Small-business employment on the rise in Colorado

Job growth nationally slowed in August but the latest monthly Small Business Index from Intuit Inc. has good news for Colorado employers.

The state, according to the index, ranked fifth for gains in small-business employment last month. Small-business employment in Colorado rose by 0.11 percent in August.

The state to see the biggest gain in August was Utah, up a half-percent.

Intuit’s data also showed that small-business workers were paid an average of $2,791 a month in August, up $16 from the previous month’s adjusted level. Monthly time worked averaged 109.8 hours in August, up 36 minutes from the previous month’s revised figure.

Intuit uses data from 242,000 businesses with 20 or fewer workers.

In the meantime, The Conference Board says Colorado gained 7,600 online help-wanted advertisements in August compared to the previous month.

That was a much larger gain than July’s increase of just 300 ads.
Among August’s Colorado job ads:

  • 43,017 were in professional and related services, with an average hourly wage of $33.11.
  • 30,873 were for sales and office jobs, with an average hourly wage of $18.40.
  • 20,450 were for service jobs, with an average hourly wage of $13.
  • 17,627 were for management and business/financial positions, with an average hourly wage of $42.84.
  • 14,091 were for construction and maintenance jobs, with an average hourly wage of $21.41.
  • 12,856 were for production and transportation positions, with an average hourly wage of $17.40.
  • In Denver alone, online job ads rose by 3,200 in August from the previous month, to 71,100, of which 37,400 were new ads.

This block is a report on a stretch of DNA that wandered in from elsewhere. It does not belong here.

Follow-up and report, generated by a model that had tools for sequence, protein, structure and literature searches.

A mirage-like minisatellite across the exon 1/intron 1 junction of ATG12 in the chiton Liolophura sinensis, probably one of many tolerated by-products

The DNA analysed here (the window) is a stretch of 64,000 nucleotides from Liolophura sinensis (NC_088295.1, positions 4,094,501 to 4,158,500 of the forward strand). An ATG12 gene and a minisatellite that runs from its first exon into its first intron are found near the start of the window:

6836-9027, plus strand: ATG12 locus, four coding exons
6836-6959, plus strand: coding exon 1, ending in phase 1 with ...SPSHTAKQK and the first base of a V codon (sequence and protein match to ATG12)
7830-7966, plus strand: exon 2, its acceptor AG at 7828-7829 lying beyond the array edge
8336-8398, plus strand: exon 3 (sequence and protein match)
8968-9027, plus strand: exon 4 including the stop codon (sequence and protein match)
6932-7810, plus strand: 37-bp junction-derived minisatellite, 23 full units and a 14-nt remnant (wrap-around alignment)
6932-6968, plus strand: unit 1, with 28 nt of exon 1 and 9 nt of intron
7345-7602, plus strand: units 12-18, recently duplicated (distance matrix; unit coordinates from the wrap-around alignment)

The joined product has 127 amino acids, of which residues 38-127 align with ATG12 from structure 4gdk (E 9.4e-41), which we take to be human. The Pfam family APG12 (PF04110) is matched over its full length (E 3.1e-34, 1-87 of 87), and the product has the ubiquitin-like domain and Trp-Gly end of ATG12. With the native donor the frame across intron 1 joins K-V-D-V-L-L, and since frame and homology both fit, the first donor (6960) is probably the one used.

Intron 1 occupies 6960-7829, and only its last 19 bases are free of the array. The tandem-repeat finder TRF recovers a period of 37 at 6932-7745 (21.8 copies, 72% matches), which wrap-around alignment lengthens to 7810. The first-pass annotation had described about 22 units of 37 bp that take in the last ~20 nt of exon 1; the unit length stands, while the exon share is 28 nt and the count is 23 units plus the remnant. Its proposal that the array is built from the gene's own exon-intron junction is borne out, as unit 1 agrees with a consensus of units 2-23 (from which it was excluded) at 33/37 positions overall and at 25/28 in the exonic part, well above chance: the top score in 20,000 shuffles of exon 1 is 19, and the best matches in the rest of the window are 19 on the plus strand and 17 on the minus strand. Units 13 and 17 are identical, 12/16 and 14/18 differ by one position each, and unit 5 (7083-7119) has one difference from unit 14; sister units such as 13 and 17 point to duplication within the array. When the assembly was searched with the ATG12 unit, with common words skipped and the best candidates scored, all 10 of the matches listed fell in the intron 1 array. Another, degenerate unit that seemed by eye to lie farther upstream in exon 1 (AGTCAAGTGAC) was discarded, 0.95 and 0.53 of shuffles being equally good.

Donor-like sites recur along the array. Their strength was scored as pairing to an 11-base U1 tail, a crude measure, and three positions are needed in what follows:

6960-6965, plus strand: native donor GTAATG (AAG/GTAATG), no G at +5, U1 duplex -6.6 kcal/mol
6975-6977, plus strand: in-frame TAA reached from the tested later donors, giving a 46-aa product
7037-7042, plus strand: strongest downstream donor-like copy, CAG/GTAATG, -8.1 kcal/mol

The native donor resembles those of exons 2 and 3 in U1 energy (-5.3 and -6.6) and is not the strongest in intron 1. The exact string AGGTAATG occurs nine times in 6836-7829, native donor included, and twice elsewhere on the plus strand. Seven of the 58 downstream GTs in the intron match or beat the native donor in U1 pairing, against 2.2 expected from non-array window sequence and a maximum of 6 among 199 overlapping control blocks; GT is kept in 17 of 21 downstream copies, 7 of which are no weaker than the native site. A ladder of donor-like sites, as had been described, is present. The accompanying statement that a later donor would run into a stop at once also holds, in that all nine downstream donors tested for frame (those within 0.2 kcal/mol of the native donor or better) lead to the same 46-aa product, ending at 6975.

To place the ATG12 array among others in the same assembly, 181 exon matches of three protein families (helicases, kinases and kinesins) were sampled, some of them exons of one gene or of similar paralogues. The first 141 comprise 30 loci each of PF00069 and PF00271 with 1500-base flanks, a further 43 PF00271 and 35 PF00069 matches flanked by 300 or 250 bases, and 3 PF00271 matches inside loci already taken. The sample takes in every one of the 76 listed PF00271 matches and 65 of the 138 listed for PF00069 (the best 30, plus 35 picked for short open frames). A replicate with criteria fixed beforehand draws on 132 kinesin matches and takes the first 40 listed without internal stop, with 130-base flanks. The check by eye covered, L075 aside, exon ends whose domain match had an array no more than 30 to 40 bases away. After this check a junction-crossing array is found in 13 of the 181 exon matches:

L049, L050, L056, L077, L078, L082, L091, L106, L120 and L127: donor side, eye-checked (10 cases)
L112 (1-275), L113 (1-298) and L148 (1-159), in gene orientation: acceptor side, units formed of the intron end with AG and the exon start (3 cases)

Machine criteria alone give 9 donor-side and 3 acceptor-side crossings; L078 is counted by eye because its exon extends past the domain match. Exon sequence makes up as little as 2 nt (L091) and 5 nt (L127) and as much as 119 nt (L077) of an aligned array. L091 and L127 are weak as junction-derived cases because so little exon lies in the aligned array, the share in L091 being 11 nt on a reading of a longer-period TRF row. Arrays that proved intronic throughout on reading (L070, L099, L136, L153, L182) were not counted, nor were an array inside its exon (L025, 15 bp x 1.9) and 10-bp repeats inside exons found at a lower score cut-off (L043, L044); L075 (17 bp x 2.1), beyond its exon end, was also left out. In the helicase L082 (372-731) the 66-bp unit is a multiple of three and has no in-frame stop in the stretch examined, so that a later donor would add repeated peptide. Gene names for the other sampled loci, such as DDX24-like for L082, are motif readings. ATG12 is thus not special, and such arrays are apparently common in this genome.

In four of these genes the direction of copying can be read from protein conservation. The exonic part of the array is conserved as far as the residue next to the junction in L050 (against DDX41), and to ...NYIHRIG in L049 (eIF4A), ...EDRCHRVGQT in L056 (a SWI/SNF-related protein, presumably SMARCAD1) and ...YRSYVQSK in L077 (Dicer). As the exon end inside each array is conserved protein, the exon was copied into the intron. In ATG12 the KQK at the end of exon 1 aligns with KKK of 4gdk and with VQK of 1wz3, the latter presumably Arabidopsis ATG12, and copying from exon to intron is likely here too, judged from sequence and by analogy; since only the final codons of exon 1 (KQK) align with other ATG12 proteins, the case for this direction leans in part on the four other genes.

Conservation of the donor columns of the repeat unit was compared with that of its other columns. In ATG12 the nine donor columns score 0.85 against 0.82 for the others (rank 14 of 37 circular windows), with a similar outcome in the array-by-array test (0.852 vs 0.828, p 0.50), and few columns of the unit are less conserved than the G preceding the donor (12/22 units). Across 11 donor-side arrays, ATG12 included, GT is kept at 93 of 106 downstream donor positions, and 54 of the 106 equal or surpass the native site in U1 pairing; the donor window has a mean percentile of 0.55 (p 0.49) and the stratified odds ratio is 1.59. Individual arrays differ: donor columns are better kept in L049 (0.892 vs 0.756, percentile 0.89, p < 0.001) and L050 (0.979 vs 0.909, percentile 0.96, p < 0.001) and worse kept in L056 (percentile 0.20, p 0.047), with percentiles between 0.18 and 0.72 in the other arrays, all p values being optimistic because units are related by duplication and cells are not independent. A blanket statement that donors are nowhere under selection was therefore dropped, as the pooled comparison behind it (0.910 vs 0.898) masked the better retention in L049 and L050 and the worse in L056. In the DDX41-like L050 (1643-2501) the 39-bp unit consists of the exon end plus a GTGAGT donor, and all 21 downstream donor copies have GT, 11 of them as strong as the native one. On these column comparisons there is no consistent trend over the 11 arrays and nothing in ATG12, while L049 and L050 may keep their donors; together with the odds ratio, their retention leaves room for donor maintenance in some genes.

Nationally, the economy added just 142,000 net new jobs in August, well below analyst expectations August’s poor job creation of 142,000 broke a six-month streak of the economy adding more than 200,000 jobs a month.

The silver lining is that economists said the weak numbers appear to be an anomaly and are no reason to panic.

A grocery store strike in New England and seasonal adjustment problems with auto manufacturers, they said, contributed to the weaker figures.

About the Author

Larry Hannappel

Larry spent 16 years with Century Casino’s and was instrumental in the start-up and growth of the company through expansions in Canada, South Africa, the Czech Republic, Poland and on several cruise ships as well as in Colorado. He was most recently the SVP, Principal Finance Officer and COO of North American operations for Century Casinos Inc., a multinational, Nasdaq-traded gaming company. Earlier in his career, Larry worked at the Johns Manville Corp. Larry spent 13 years in various accounting and finance functions in the company’s fiberglass manufacturing division and was key in the start-up of a molding plant in Indiana. Larry and his wife Kathy and three children live in Colorado. He enjoys four-wheeling, motorcycling, golfing, skiing and brewing beer.

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